Enchanted Highway
The grasshopper is 50 feet tall

The amount of effort and detail put into these pieces of work is truly impressive. Each sculpture is professionally done. They were made from oil well and fuel tanks.

Lisa’s favorite stop was at the “Fisherman’s dream.” The most recent piece features a man in a boat snatching a fish out of the water. In the meantime, more fish are located throughout the acre of land – small mouth bass, walleye, catfish, northern, salmon and bluegill. A 70-foot long rainbow trout is jumping out of the water. I can see why she liked the 2006 3-D tin creation.

Enchanted Highway
“Fisherman’s Dream”

My next favorite was “Pheasants on the Prairie.” The 1996 piece features a pheasant family along the roadside. The birds were very tall. The first thing that struck me (after the size) was the color on the birds. It was very authentic. It took three years to complete this exhibit. The rooster is 40 feet tall and 70 feet long. The hen is 35 feet tall. The chicks are each 15 feet tall.

Enchanted Highway
Some seriously large pheasants

A tribute to President Theodore Roosevelt is located on the Enchanted Highway. Greff believed the project should honor the president who once lived in North Dakota.

The sculpture piece includes a 51-foot tall display of Roosevelt on his favorite horse, Mulley. In front is a stage-coach that emphasizes North Dakota’s western heritage. Teddy was put on display in 1993.

Enchanted Highway
Teddy Roosevelt tribute

The final display along the road, just outside of town, is “Tin Family.” The stop features a farming family, with mom, dad and a son. This was the first piece created, in 1991. Tin Pa stands 45 feet tall, Tin Ma stands 44 feet tall. The son is 23 feet tall. The display was built from old farm equipment.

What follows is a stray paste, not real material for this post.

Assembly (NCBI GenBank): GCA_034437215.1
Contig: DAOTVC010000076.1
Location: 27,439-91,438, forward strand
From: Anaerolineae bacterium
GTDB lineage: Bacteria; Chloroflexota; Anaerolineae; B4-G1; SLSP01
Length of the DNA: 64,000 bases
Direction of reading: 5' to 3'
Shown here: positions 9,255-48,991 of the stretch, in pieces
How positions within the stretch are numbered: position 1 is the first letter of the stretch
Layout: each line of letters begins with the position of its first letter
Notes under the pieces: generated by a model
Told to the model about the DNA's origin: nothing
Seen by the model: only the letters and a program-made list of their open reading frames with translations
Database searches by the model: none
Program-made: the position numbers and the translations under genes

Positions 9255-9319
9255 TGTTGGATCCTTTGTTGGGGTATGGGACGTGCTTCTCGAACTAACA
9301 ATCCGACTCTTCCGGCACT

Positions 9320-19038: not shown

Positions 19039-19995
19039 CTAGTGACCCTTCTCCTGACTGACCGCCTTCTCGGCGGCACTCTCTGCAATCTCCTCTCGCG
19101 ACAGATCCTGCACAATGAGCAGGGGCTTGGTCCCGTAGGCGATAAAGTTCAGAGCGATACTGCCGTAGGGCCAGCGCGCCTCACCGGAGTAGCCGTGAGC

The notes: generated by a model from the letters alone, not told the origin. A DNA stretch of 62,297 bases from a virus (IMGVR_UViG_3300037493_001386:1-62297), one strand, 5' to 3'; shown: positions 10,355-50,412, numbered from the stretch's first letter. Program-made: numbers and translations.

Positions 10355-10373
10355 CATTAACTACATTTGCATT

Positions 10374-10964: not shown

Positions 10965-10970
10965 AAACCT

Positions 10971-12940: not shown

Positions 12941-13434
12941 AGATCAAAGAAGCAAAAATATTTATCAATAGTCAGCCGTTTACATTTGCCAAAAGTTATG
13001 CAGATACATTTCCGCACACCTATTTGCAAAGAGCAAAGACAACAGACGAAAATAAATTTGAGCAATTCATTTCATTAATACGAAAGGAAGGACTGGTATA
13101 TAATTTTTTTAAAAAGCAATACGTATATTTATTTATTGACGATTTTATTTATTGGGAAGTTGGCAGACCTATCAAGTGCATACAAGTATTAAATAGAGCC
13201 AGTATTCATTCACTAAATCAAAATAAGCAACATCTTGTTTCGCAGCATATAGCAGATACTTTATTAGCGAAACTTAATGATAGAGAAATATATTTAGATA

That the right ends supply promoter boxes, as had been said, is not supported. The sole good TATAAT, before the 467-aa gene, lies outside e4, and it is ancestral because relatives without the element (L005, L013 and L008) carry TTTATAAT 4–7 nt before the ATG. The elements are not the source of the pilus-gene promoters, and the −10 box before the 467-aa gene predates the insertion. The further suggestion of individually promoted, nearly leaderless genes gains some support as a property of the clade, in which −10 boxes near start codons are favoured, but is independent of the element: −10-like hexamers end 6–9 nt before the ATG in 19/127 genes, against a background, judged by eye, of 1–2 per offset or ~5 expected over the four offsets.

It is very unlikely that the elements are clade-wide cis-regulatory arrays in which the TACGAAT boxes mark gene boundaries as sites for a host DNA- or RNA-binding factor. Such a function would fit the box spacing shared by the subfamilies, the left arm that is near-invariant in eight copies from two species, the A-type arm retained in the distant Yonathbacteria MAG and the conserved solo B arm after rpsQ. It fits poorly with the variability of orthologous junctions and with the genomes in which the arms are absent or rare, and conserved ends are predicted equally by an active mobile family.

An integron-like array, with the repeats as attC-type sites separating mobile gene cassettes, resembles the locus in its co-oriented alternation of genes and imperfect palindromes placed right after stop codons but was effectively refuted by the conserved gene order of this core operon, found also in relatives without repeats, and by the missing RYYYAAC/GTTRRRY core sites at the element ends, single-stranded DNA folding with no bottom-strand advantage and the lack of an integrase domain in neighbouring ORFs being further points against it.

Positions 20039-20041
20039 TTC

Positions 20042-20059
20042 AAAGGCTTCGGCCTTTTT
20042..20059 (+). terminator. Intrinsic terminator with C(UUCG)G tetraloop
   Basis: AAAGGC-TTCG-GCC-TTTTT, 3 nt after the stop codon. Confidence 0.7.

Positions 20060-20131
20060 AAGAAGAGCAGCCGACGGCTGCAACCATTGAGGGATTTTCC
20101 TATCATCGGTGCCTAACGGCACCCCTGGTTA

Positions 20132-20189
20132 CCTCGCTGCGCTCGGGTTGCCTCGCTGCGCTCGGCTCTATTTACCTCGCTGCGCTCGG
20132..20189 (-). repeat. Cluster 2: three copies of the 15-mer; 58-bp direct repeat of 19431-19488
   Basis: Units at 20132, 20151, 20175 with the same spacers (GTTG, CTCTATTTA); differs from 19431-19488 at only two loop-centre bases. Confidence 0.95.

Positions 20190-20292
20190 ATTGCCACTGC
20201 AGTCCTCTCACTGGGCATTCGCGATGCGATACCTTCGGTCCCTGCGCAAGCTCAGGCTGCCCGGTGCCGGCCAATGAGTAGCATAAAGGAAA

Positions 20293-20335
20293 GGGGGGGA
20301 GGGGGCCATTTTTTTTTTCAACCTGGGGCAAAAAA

Enchanted Highway
A giant farm family

“Fisherman’s Dream” is the last piece completed. Financing the project is difficult for Greff. It costs money and a lot of time to create the pieces. He isn’t giving up though. He launched a successful “Go Fund me” project earlier in the year for a new project.

“Spider’s Web” is ready to be created. He needs to find a farmer willing to donate an acre of land for the project. It’s not always easy, he said. He is confident someone will donate the land and Regent’s art/tourism project will continue.

Enchanted Highway
This is the idea for the next sculpture

As for Greff completing a sculpture piece to sit every three miles on the 30-mile stretch? He’s not sure of his future. He’d like to see the state step in and either take over the project or help with the funding and production. He has been handling the maintenance of each exhibit, too.

As for Regent, we hope it continues to build on the success of the Enchanted Highway. Greff opened the “Enchanted castle” as a town attraction.

Enchanted Highway
Attraction outside the gift shop

Remember Senator Dorgan? He was born in Regent. His former home has been turned into a bed and breakfast. There are opportunities for Regent to enjoy the economic success of the Enchanted Highway, but a few more local attractions may need to be developed. That will help lure people to stay in town and spend a few nights at the local inns and B&B.

Enchanted Highway
Regent is the home town of a former US Senator

We strongly recommend people take the trip off Interstate 94 and travel down the Enchanted Highway to Regent. The drive is enjoyable and the attractions are outstanding.

For more information, please visit www.ndtourism.com or www.regentnorthdakota.com.